Excerpts from “The Revolutionary Body Politic: Preliminary Thoughts on a Neglected Medium in the Arab Uprisings”
To my mind, interesting questions would focus on why there has been almost no mention of the male nude photograph, posted directly under the photo of al-Mahdy standing nude, her right leg open to emphasize her pubic area—so much so that one feminist blogger claimed to discern al-Mahdy’s clitoris (Abu Ghazal 2011)—wearing glossy red shoes and above-the-knee socks. Is it because the man is kneeling, exposing less of his body? Maybe, but maybe not, since his genitals, including the tip of the gland of his penis, are visible. Is it because she is the “author” of the blog, and therefore claims agency for posting both pictures? Possibly. Or is it perhaps because she is a woman and he is a man, and therefore they are subjected to vastly different standards of morality and judgment? Assuredly.
Another fascinating question, or more appropriately, series of questions, would apply to the ways in which newspapers, blogs, and Facebook pages remediated the photograph, and I write the photograph because it is the frontal nude of al-Mahdy, not other pictures, presumably of hers, exhibiting her body in different poses, and most definitely not the photograph of her male partner, that were circulated. A semiotic analysis of these “re-mediations,” examining what media platforms covered which body part and what graphic device was used to cover it (a red oval? A yellow band? A blurring of the picture? White lines?), showcasing different ways of parceling out a woman’s body in the public sphere, resonating with the wave of moral indignation that rhetorically tore al-Mahdy to shreds. A third compelling line of questioning would pursue al-Mahdy’s call to Egyptian men to wear the hijab in solidarity with Egyptian women, therefore threatening socially constructed, religiously enforced gender boundaries and hierarchies (Tanzizi 2011). These questions are all related to the theme of the human body as a communicative agency—the body as medium.
Al-Mahdy’s jolt to Egyptian public discourse can be understood as an example of what I elsewhere called a performative-contentious model of the public sphere, one in which the gendered human body is at once a medium of expression and a discursive battlefield (Kraidy 2010). Against that model, bien pensant journalists tend to invoke the Habermasian rationalist-deliberative ideal of the public sphere, as this al-Ahram journalist does when he writes, rather patronizingly:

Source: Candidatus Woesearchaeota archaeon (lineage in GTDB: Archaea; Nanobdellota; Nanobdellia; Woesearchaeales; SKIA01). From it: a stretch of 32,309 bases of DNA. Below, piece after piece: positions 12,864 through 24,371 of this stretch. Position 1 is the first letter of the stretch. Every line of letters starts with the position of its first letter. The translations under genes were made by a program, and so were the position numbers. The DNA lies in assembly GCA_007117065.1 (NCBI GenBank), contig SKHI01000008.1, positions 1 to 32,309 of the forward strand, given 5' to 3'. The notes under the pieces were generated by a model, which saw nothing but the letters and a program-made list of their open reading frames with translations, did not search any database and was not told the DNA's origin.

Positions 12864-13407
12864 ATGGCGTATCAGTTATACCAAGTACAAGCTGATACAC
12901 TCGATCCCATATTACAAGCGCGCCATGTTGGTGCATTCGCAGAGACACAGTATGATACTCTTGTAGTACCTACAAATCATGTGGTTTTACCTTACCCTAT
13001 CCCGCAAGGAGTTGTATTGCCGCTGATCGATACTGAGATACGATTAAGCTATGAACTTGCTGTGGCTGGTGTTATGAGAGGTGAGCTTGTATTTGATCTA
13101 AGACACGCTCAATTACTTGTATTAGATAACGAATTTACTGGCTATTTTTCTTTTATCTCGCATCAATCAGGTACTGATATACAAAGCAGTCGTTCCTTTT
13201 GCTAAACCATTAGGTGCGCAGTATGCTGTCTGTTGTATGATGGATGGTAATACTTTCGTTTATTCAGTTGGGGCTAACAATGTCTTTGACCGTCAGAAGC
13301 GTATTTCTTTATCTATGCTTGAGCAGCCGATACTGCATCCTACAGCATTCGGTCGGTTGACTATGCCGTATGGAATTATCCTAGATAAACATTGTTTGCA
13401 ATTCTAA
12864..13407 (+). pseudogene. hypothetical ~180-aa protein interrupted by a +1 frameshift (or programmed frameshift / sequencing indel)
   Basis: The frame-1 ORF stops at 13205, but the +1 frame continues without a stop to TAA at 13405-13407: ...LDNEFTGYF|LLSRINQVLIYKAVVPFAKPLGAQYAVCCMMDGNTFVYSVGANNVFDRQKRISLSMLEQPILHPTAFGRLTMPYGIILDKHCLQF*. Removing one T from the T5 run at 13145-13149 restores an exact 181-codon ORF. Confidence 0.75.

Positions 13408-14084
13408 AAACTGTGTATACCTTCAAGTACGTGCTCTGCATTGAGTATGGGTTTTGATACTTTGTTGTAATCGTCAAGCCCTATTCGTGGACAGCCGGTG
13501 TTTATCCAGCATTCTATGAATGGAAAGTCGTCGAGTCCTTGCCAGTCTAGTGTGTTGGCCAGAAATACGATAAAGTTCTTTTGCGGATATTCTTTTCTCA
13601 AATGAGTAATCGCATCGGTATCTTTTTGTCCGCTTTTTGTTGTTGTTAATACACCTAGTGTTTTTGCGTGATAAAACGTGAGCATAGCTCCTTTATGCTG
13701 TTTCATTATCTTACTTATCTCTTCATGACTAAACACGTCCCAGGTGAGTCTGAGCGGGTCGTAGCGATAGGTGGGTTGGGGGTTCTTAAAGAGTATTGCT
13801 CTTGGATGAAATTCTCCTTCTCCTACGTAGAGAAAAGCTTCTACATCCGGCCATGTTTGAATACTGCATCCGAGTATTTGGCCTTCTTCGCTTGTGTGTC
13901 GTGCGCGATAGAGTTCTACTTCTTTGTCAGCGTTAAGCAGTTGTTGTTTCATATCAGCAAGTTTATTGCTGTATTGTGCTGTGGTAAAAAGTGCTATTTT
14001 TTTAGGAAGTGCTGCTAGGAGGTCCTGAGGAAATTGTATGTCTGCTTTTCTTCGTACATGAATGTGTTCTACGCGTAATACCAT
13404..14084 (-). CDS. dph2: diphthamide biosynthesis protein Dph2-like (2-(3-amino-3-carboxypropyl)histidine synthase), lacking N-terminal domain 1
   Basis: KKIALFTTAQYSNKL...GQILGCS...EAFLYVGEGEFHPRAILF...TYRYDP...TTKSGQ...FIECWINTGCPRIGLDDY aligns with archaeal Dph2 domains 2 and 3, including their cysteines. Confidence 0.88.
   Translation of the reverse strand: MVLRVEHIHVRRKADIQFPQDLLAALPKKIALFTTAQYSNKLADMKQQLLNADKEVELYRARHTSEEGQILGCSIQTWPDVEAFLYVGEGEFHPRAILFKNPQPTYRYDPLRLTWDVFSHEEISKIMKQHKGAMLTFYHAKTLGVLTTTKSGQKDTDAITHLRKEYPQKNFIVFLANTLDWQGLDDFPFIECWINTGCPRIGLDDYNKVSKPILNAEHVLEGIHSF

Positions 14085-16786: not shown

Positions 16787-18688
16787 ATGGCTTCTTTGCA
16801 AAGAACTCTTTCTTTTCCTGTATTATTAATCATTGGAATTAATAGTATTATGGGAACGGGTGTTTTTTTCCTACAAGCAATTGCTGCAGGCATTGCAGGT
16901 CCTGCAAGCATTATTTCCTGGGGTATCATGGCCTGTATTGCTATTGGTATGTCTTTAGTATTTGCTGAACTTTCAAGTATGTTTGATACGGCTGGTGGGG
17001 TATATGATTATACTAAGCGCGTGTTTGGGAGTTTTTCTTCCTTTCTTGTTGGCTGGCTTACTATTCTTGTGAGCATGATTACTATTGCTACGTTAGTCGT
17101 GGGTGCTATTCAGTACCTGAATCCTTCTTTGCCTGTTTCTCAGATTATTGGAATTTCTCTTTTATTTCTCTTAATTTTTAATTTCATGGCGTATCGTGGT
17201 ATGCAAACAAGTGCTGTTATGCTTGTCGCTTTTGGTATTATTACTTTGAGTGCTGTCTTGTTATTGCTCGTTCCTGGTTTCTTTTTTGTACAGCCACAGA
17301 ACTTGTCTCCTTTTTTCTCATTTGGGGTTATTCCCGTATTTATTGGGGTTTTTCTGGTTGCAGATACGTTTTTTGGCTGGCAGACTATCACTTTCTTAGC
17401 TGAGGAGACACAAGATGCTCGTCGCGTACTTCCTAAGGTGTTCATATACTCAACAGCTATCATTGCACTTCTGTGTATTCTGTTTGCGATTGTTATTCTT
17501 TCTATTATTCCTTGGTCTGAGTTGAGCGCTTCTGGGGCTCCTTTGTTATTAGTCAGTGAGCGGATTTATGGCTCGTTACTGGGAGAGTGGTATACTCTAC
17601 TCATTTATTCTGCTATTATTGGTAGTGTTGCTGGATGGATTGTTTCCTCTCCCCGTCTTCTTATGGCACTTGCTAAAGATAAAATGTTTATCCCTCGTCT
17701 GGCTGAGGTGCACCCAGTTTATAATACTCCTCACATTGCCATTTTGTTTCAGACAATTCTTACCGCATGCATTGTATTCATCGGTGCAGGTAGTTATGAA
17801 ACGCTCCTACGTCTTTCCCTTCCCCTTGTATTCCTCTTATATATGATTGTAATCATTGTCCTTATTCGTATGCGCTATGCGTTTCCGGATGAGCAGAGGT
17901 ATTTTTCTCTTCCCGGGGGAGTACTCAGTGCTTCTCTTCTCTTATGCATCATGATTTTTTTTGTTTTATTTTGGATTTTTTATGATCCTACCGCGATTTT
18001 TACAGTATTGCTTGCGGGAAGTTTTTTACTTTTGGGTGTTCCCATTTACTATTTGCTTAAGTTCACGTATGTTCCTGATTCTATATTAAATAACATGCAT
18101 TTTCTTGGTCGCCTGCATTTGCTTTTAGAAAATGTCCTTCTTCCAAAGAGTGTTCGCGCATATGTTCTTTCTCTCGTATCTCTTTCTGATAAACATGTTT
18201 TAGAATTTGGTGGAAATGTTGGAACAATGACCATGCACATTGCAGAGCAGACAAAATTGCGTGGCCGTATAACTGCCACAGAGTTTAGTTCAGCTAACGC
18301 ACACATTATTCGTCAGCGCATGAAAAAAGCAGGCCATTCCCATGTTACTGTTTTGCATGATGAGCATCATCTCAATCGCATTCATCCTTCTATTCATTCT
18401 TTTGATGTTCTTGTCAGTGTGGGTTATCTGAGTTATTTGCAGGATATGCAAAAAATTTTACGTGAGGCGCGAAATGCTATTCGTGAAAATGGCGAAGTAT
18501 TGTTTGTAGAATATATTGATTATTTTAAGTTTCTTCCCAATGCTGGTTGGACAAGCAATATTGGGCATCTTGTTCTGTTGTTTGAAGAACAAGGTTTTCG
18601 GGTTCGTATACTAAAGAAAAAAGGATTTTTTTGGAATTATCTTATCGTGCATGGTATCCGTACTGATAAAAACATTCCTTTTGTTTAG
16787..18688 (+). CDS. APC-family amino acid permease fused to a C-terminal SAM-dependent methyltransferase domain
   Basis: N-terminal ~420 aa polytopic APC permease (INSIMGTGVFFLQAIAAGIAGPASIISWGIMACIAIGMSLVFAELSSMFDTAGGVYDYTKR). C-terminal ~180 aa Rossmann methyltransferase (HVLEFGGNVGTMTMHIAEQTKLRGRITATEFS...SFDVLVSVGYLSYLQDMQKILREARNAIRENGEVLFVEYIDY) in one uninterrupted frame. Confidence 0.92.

First, I would like to assure sister Aliaa that she is not the first rebellious young woman…and this is intellectual freedom with which we may agree or disagree, but we disagree with the style of presenting this thought. A leader of rebellious thought against society’s view of women is Nawal al-Sa‘dawy but she said that she was “against veiling women and also against laying women bare; I am in favor of respecting woman as a rational being that can neither be veiled nor laid bare….” (Sabry 2011)
Feminists like El-Saadawi, in this reading, are acceptable because they abide by the rules of public discourse, participation in which occurs via the reasoned, disciplined and cerebral deployment of words. In contrast, Aliaa al-Mahdy’s radical speech act falls outside the spectrum of acceptable participation in public discourse, because it uses what Peters reminds us, is “the mother of all media, the body” (Peters 1999: 187).
Perhaps the most important moral of this episode is to remind us of the importance of the human body as a medium. Journalistic, academic and activist hyperventilation about the allegedly central role of Twitter, Facebook, and YouTube would do well to remember that it is ultimately the human body that, at a basic level, operates all these platforms. More importantly, communicating contention through one’s body reflects a radically superior commitment to one’s cause because putting one’s body in harm’s way reflects far higher stakes. The words of a columnist in the pan-Arab daily newspaper al-Quds al-Arabi constitute an apt conclusion to this essay:
Aliaa, by the simple fact of displaying her nudity, is trying in her bold way to raise questions that embarrass society in its most embarrassing locus, which is the example of youths that direct their bare chests to bullets, and leaving their bodies exposed does not only receive bullets from the government alone but also from society. This is an act that to many may appear like madness, but in madness, sometimes, there is a lot, a lot of reason (Muhammad 2011).
Abu Ghazal, Sara Emiline (2011). Who Is Afraid of Aliaa’s Nudity? Sawt al Niswa (18 November 2011). Accessed 12 December 2011.
Kraidy, M. M. (2010). Reality Television and Arab Politics: Contention in Public Life. New York: Cambridge University Press.
Peters, J. D. (1999). Speaking into the Air: A History of the Idea of Communication. Chicago: University of Chicago Press
Muhammad, Hussameddin (2011). Fadwa Slayman Makes History on al-Jazeera and Blogger Aliaa Lays Bare Both Government and Society. Al-Quds al-Arabi. 16 November 2011.
Sabry, ‘Adel (2011). An Invitation to View the Body of an Egyptian Girl. al-Ahram (21 November 2011). Accessed 21 November 2011.
Tantzizi (2011). Men Wear the Hijab Heeding Aliaa al-Mehdy’s Call (2011). Television Tantzizi (17 November 2011). Accessed 12 December 2011.
[Excerpted from “The Revolutionary Body Politic: Preliminary Thoughts on a Neglected Medium in the Arab Uprisings,” by Marwan M. Kraidy, by permission of the author. © 2012 by BRILL Publishing. For more information, or to order the article, click here.]